(It’s funny, but this is all probably the reason that I like using Movable Type so much. It started out as the a website publishing tool written by Ben and Mena for their own personal use, and after much interest from the community, was released for public consumption. It’s the ultimate example of a project written to solve a personal need, and just happens to now be in use by thousands of people.)

It must just be me, but I can’t see how loosening pollution restrictions on energy producers encourages emissions reductions. Of course, I’ve come to expect this of the current administration; what’s more disappointing, though, is that every story I’ve read on these new EPA rules just repeats that quote, without ever questioning how it could possibly be true. What happened to hard journalism?

If there’s anyone out there who wants to send along a Christmas present, I’d be happy to find one of these under the tree next month. It looks like the first mainstream computer to be built on Shuttle Computer’s X PC chassis, and it’s a doozy. As Anil said, they finally got the PC right.

One of the things I love about TiVo is that there’s always been a strong hacker community; hell, it’s why I got my TiVo in the first place (the ability to use the fruits of their labor to quadruple my storage capacity). This community has also spent a lot of time discovering a group of “backdoor” codes, sequences that a TiVo user can punch into the remote control to enable special features (like a 30-second skip mode); all these codes require that a master backdoor password be entered first, enabling them to be used. Each version of the operating system has had a different password, and discovering each password has been an important part of maintaining access to the special features.

Alas, the latest version of the TiVo operating system introduced a few new barriers to getting the master backdoor password. Unfazed, though, the community rallied, and now have a distributed computing project running to try to crack the code; they’ve already ripped through an unbelievable number of possibilities, and (as with all distributed computing projects) offer anyone the ability to download a client to contribute to the effort.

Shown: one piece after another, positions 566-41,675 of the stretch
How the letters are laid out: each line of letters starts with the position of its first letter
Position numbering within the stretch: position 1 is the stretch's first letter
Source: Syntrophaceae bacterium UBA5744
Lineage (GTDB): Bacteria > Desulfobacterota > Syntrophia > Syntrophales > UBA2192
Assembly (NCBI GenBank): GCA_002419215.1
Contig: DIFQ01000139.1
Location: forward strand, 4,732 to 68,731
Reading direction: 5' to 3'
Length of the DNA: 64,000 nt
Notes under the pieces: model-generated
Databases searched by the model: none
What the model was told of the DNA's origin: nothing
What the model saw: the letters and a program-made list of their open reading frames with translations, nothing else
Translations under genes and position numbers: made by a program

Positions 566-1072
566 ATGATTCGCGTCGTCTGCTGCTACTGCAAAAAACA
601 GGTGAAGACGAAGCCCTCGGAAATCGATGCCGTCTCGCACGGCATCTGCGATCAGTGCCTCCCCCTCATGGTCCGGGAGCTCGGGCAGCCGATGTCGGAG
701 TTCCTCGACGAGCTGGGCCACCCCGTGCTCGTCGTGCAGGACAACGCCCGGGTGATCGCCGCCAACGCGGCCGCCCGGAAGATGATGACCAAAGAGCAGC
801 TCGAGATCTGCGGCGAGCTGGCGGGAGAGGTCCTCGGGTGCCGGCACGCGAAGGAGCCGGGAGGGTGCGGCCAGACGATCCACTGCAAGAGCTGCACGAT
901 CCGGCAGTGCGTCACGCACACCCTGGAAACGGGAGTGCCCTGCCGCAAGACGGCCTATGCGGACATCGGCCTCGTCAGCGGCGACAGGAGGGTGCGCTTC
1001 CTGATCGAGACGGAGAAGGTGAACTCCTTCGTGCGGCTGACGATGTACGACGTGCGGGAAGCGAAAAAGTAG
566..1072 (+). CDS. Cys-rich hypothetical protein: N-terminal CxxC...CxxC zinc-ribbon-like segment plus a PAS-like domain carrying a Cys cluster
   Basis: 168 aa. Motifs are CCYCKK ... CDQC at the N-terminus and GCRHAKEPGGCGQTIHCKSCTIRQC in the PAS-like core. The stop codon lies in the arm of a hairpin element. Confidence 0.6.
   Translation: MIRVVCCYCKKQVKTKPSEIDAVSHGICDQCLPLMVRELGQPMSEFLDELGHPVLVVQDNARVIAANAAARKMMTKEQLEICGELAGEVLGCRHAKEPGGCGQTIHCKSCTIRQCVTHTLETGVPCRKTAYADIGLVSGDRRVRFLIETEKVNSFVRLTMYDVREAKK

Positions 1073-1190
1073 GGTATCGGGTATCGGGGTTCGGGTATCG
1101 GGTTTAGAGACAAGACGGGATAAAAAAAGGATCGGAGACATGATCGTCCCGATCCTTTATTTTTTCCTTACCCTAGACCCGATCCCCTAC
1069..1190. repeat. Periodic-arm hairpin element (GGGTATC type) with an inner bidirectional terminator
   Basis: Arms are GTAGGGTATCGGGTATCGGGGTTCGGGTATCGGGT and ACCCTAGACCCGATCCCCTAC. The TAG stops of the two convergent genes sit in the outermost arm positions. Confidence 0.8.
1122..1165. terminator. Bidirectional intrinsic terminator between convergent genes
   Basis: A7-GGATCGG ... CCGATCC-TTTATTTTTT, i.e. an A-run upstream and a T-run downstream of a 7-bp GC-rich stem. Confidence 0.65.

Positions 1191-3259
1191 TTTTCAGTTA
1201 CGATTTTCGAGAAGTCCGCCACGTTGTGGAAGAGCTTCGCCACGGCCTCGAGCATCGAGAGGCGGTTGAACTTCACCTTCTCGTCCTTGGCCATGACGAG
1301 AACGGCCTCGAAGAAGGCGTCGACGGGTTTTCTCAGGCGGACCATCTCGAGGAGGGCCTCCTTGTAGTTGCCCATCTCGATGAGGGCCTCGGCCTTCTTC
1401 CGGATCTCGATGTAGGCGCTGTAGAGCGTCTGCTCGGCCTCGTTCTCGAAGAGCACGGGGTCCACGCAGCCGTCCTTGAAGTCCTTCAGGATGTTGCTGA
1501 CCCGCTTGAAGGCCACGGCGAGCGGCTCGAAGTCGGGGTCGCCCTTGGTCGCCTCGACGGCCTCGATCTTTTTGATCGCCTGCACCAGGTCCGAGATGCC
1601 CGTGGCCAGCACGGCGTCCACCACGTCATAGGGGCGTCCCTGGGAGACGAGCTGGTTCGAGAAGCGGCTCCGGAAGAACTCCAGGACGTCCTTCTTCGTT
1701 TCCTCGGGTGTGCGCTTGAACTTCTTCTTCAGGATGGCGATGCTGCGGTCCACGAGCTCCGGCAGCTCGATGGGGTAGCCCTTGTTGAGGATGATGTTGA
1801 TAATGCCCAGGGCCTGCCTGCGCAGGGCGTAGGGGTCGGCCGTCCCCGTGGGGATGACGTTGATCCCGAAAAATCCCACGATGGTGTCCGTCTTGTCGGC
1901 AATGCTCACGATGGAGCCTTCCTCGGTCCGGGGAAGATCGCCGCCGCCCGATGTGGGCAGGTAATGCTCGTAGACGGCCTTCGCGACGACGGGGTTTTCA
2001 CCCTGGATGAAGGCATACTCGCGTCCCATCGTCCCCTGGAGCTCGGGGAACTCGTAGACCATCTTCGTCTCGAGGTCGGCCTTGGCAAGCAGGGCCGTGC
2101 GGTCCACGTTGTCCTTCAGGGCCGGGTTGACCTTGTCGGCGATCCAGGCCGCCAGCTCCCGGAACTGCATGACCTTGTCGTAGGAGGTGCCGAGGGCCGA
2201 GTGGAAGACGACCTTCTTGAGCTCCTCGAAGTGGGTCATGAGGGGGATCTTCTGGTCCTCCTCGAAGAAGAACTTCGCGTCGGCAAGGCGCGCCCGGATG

Traditional spam-catching systems work by predicting the likelihood of a piece of email being an unsolicited ad. The task of prediction isn’t easy, though, and as a result, users still have to deal both with unwanted mail that gets through the filters and with legitimate mail that’s caught and filtered away. As a result, there are a few ideas floating around out there about alternate approaches to the unsolicited email problem, approaches that try to achieve lower false-positive and false-negative rates. Two that caught my eye today are IronPort’s Bonded Sender Program and Habeas’ Sender Warranted Email.

The Bonded Sender Program turns the traditional approach around, aiming to guarantee that a specific piece of mail is not spam. It’s able to do this because companies contract with, and pay, IronPort to list their outgoing mail servers in a database of machines guaranteed not to send spam. Then, when your mail server accepts a piece of mail from a machine, it checks to see if that machine is listed in IronPort’s database, and if it is, the mail flows through any spam filters and into your inbox. This seems like a great way for companies that operate legitimate, double-opt-in email lists to make sure that their sales missives reach the intended audience — it appears to be poison-proof (meaning that spammers can’t fake the system into thinking that they’re legitimate), and at least one of the big spam filter providers, SpamAssassin, is on board.

Sender Warranted Email works in another way, and one that I can’t imagine will be able to sustain itself. Senders “warrant” that their email isn’t spam by including a “trademarked, copyrighted” set of headers that they’ve paid for the right to use; it’s these headers that filters look for to decide that the mail is legitimate. Habeas promises to aggressively sue anyone who uses the headers without the right to do so, providing the teeth behind the system. (Wired News wrote about this back in August.) Unfortunately, I envision that almost every piece of unsolicited email will soon include the headers, in an effort to overwhelm Habeas and make the company unable to go after everyone who is circumventing the rules. (You know the signature block that still graces the bottom of mail unsolicited emails, claiming to be acceptable under some obscure Senate rule? Same thing.)

Despite the questionable long-term effectiveness of Habeas’ approach, I applaud both companies for coming up with new ways of attacking the problem. With spam making up an estimated one third of email sent daily, someone’s got to tackle this problem before it takes the entire mode of communication down with it.